A Quick Summary of Barry v Davies [2000] Case

Barry v Davies

Case name & citation: Barry v Davies (t/a Heathcote Ball & Co) [2000] 1 WLR 1962 (CA)

Court and jurisdiction: Court of Appeal, England & Wales

Decided on: 27 July 2000

The learned judge: Sir Murray Stuart Smith LJ

Area of law: Auctions (and individual items) advertised without reserve

What is the case about?

Barry v Davies is an English contract law case that throws light on the obligation of an auctioneer to sell the goods to the highest bidder (regardless of the bid amount) in an auction without reserve.

Case facts (Barry v Davies)

The plaintiff had placed the only bid for two engine analysers at an auction without reserve, of £200 each. The auctioneer decided not to sell the engine analysers after receiving this bid because it was deemed too low (on the basis that each machine was worth approximately $14,000). As a result, the engine analysers were removed from the auction. A couple of days later, they were sold in a private transaction for the price of £750 each.

Since he was the highest bidder at an auction without reserve, the plaintiff filed a claim for damages, alleging that the auctioneer had breached a contract. The plaintiff sought damages in the amount of £27,600, which was calculated as the difference between the value of both machines, which was £28,000, and the total amount of his bid, which was £400.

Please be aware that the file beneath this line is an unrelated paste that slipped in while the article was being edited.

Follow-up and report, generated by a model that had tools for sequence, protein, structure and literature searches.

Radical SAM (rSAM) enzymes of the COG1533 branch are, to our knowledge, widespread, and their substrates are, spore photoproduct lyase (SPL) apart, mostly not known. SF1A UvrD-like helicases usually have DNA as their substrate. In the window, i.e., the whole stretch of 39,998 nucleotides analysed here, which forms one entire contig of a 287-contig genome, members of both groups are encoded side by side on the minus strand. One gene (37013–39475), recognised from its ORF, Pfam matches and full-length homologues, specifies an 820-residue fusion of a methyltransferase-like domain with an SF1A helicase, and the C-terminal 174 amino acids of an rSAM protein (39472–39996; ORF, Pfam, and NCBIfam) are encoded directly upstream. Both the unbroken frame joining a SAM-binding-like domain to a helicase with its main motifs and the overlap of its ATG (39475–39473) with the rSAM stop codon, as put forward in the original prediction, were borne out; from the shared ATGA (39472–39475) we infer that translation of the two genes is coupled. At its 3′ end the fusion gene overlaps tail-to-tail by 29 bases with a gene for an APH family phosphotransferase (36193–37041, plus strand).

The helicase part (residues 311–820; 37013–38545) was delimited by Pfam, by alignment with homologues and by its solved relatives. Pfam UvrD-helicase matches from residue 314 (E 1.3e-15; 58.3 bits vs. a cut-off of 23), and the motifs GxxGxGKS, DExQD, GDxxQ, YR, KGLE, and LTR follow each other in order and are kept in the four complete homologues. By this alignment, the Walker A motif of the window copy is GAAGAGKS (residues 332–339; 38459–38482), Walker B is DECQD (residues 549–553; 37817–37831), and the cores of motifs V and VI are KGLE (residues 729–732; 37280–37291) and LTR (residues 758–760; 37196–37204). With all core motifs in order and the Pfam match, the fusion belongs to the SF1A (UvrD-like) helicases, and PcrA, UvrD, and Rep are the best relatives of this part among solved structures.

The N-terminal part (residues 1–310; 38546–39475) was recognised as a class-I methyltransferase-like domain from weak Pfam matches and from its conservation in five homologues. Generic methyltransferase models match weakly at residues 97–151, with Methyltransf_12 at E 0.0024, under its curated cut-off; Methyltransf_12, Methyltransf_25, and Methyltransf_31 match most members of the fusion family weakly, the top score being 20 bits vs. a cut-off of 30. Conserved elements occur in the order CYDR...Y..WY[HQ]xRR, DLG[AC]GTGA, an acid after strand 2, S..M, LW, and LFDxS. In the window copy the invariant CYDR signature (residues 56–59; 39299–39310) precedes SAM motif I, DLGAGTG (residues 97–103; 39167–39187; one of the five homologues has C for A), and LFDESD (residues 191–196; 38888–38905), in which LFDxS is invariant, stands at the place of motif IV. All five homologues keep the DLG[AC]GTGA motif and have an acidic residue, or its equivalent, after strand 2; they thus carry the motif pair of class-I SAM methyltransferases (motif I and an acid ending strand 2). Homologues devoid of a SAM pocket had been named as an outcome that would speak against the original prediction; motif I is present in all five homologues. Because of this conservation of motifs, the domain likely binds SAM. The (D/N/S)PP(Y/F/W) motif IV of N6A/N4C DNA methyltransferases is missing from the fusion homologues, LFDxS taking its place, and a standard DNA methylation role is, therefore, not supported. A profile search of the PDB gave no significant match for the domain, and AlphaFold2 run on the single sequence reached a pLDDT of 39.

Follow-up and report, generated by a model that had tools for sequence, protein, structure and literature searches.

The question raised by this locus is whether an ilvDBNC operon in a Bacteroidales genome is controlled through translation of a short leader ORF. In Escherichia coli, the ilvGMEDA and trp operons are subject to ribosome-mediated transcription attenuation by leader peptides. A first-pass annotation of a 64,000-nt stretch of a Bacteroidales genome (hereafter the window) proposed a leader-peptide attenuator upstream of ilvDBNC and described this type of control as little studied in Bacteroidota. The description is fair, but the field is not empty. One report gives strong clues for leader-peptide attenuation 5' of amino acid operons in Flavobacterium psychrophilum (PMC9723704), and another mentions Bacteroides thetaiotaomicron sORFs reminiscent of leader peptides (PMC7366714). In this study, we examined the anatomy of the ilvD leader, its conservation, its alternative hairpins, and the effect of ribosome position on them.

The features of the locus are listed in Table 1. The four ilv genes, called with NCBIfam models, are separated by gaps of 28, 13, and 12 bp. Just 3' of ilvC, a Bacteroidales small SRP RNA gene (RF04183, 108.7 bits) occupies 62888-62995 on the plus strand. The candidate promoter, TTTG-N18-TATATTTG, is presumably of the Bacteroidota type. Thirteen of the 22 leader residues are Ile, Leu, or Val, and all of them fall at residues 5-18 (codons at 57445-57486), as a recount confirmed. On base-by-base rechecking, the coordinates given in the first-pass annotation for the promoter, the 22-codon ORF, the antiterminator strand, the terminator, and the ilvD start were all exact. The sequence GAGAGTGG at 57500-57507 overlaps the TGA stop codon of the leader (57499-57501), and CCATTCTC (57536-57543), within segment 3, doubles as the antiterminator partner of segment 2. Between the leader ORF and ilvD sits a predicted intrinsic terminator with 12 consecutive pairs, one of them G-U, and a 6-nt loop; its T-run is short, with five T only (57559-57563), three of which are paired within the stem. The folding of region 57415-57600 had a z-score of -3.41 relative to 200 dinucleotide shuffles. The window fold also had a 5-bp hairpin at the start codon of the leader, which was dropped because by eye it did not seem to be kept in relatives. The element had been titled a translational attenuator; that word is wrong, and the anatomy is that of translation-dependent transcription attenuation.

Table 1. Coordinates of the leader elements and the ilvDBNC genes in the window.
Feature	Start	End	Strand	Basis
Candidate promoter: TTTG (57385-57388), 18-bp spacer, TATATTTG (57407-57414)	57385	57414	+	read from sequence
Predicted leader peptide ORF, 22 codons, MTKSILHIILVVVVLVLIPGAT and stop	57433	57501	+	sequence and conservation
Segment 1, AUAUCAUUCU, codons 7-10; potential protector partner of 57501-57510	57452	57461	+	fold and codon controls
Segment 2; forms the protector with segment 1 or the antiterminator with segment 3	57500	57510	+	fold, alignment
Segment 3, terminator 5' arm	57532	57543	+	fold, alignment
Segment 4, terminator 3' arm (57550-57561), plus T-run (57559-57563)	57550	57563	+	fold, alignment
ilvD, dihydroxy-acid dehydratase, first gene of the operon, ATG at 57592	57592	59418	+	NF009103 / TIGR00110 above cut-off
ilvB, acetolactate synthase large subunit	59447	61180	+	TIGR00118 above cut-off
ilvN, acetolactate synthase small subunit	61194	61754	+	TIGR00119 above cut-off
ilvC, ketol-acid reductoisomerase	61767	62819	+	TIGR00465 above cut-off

Issue

The issue was whether holding an auction without a reserve price constituted a legally binding offer to sell the goods to the highest bidder.

Judgment of the Court in Barry v Davies

The auctioneer was held liable. The highest bid could not be turned down solely on the grounds that it was not high enough.

Sir Murray Stuart Smith LJ conformed his viewpoint to that held by the majority of the Court of Exchequer Chamber in the case of Warlow v Harrison (1859) 1 E & E 309.

The judge decided that people who attend an auction sale without reserve would generally and reasonably expect that the person who places the highest bid would and should be entitled to the lot for which he or she bids. According to his point of view, such an outcome was fair and logical. As a matter of law, he came to the conclusion that there was a collateral contract between the auctioneer and the person who placed the highest bid, on the auctioneer’s undertaking to sell to the highest bidder. This contract was created when the auctioneer made an offer to sell to the highest bidder, and that offer was accepted when the bid was placed.

As a result of the auctioneer’s decision to withdraw the machines from the auction, this contract was breached, and he was obligated to pay the highest bidder the difference between the amount of the bid and the market price that the goods were selling for on the day of the auction. The only evidence of market price was the manufacturer’s list price for new machines, which was £14,000 for each machine.

Takeaway from the case

The following points may be drawn from this case:

The request for bids that is made by an auctioneer is an invitation to treat. A bid represents an offer, and when the auctioneer brings the hammer down, it indicates that he has accepted the offer. In the case of auctions without a reserve price, the auctioneer will enter into a collateral or separate contract. The nature of the collateral contract is that the auctioneer will accept the highest bid.

Section 57 of the Sale of Goods Act 1979 talks about auction sales.

List of references:


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